By Blood and Iron~September, 1862~the second week

In the second week of September, casualties mount as Confederate troops invade Maryland. General Lee tries to reassure Marylanders that his army means freedom and choice for the state. His military intentions are revealed to the Union army by accident. British sympathy for the South increases in some quarters.

President Lincoln maintains a hectic schedule and publicly ponders the will of God while meeting with an interdenominational group from Chicago. The abolitionist Frederick Douglass criticizes General McClellan in a private letter to an old friend.

An assault on English citizens who are ignorant of or indifferent to the culture in Japan will create an international incident between the two island empires.

abolitionist activist Gerrit Smith in a photo by Matthew Brady


September 8– Monday– Rochester, New York– Frederick Douglass writes to his old friend, the abolitionist politician Gerrit Smith who is now 65 years old and having some health problems. “I had attributed your silence of late to what I supposed must be your ineffable disgust at the wretched management of the war. Your gloomiest predictions have been even now more than realized, and I shudder at what the future may still have in store for us. I think the nation was never more completely in the hands of the Slave Power. This government is now in the hands of the Army, and the Army is in the hands of the very worst type of American Democracy, the chief representative of which is now doing his utmost to destroy the country.” [This comment refers to Union General George McClellan, a long-time member in the Democratic Party.]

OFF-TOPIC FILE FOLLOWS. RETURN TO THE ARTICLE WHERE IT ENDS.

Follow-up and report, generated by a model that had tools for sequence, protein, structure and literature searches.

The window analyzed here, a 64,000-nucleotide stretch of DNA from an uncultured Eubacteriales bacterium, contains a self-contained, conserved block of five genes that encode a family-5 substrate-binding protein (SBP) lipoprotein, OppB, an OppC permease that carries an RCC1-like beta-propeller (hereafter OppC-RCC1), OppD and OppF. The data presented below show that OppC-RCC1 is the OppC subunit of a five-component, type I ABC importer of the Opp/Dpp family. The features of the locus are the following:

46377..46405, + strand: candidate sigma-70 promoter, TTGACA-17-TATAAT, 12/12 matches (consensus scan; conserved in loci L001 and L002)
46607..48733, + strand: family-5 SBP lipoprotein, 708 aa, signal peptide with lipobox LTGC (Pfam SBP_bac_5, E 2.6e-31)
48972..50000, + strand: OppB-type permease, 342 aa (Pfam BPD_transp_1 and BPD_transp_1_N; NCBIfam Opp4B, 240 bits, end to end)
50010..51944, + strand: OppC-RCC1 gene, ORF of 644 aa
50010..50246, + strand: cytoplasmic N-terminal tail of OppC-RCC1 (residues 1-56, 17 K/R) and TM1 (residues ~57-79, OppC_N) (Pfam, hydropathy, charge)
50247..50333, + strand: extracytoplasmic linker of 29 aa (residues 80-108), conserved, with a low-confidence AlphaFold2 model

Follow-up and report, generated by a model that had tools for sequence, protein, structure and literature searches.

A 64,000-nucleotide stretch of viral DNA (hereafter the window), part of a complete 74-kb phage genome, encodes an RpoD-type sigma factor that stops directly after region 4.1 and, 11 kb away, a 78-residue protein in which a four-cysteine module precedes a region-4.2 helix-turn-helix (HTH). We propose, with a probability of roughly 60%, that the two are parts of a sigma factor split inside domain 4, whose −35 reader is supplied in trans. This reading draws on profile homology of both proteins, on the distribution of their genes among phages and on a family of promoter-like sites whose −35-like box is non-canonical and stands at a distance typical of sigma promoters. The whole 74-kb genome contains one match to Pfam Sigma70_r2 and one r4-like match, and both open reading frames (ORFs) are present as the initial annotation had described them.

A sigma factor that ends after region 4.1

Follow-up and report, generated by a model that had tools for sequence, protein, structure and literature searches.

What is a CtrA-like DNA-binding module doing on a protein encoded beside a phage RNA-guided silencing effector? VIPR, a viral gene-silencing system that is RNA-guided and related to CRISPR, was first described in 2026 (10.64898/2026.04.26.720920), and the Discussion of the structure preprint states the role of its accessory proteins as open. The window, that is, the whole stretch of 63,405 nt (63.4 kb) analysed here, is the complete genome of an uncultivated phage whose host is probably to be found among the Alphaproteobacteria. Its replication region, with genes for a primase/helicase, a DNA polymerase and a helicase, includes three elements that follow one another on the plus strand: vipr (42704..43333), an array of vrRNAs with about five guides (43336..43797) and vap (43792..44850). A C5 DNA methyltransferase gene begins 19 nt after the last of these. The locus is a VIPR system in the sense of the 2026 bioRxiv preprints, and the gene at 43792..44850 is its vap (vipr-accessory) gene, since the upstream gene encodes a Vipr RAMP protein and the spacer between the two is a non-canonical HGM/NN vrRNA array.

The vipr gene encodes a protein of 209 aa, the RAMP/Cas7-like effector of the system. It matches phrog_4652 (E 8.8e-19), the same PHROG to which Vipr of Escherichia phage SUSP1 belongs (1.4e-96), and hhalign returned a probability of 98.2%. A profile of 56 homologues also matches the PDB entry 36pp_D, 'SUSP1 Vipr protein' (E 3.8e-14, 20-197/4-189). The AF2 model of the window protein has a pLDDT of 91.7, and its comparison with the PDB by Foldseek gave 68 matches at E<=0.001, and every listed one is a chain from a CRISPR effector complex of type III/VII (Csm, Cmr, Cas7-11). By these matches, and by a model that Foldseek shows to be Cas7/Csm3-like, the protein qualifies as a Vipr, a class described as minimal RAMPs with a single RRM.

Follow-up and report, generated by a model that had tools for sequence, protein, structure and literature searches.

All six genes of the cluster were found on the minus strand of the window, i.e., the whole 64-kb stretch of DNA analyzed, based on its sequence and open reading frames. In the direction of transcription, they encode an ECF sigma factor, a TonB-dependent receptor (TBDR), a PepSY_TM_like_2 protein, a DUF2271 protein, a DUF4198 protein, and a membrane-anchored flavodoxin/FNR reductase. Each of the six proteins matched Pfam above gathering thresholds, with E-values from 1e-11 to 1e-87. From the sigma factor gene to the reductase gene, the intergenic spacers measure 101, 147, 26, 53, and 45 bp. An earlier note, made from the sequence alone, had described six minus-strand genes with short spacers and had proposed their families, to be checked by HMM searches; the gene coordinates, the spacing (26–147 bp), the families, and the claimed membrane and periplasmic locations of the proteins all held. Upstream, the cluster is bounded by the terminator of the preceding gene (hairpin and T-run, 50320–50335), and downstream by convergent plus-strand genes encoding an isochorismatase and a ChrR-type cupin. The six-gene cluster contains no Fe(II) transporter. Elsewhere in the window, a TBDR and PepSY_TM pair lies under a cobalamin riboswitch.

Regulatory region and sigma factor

September 8– Monday– Fredericktown, Maryland– General Robert E Lee issues a proclamation to the people of Maryland, asserting that the state has long had ties to the South and is being oppressed by the Federal government. He concludes by saying, “In obedience to this wish [for freedom] our army has come among you, and is prepared to assist you with the power of its arms in regaining the rights of which you have been so unjustly despoiled. This, citizens of Maryland, is our mission so far as you are concerned. No restraint upon your free-will is intended—no intimidation will be allowed within the limits of this army at least. Marylanders shall once more enjoy their ancient freedom of thought and speech. We know no enemies among you, and will protect all of you in every opinion. It is for you to decide your destiny, freely and without constraint. This army will respect your choice, whatever it may be; and, while the Southern people will rejoice to welcome you to your natural position among them, they will only welcome you when you come of your own free-will.”


General Robert E Lee, c.1863


September 8– Monday– London, England– Chancellor or the Exchequer William Gladstone writes to a colleague that “the South cannot be conquered . . . It is our absolute duty to recognize . . . that Southern independence is established.”

September 10– Asuncion, Paraguay– Carlos Antonio Lopez, who has ruled dictatorially since 1841, dies at age 69.

William S Porter, aka O. Henry

September 11–Thursday–Greensboro, North Carolina– Birth of William Sydney Porter who will become famous as O Henry, American writer.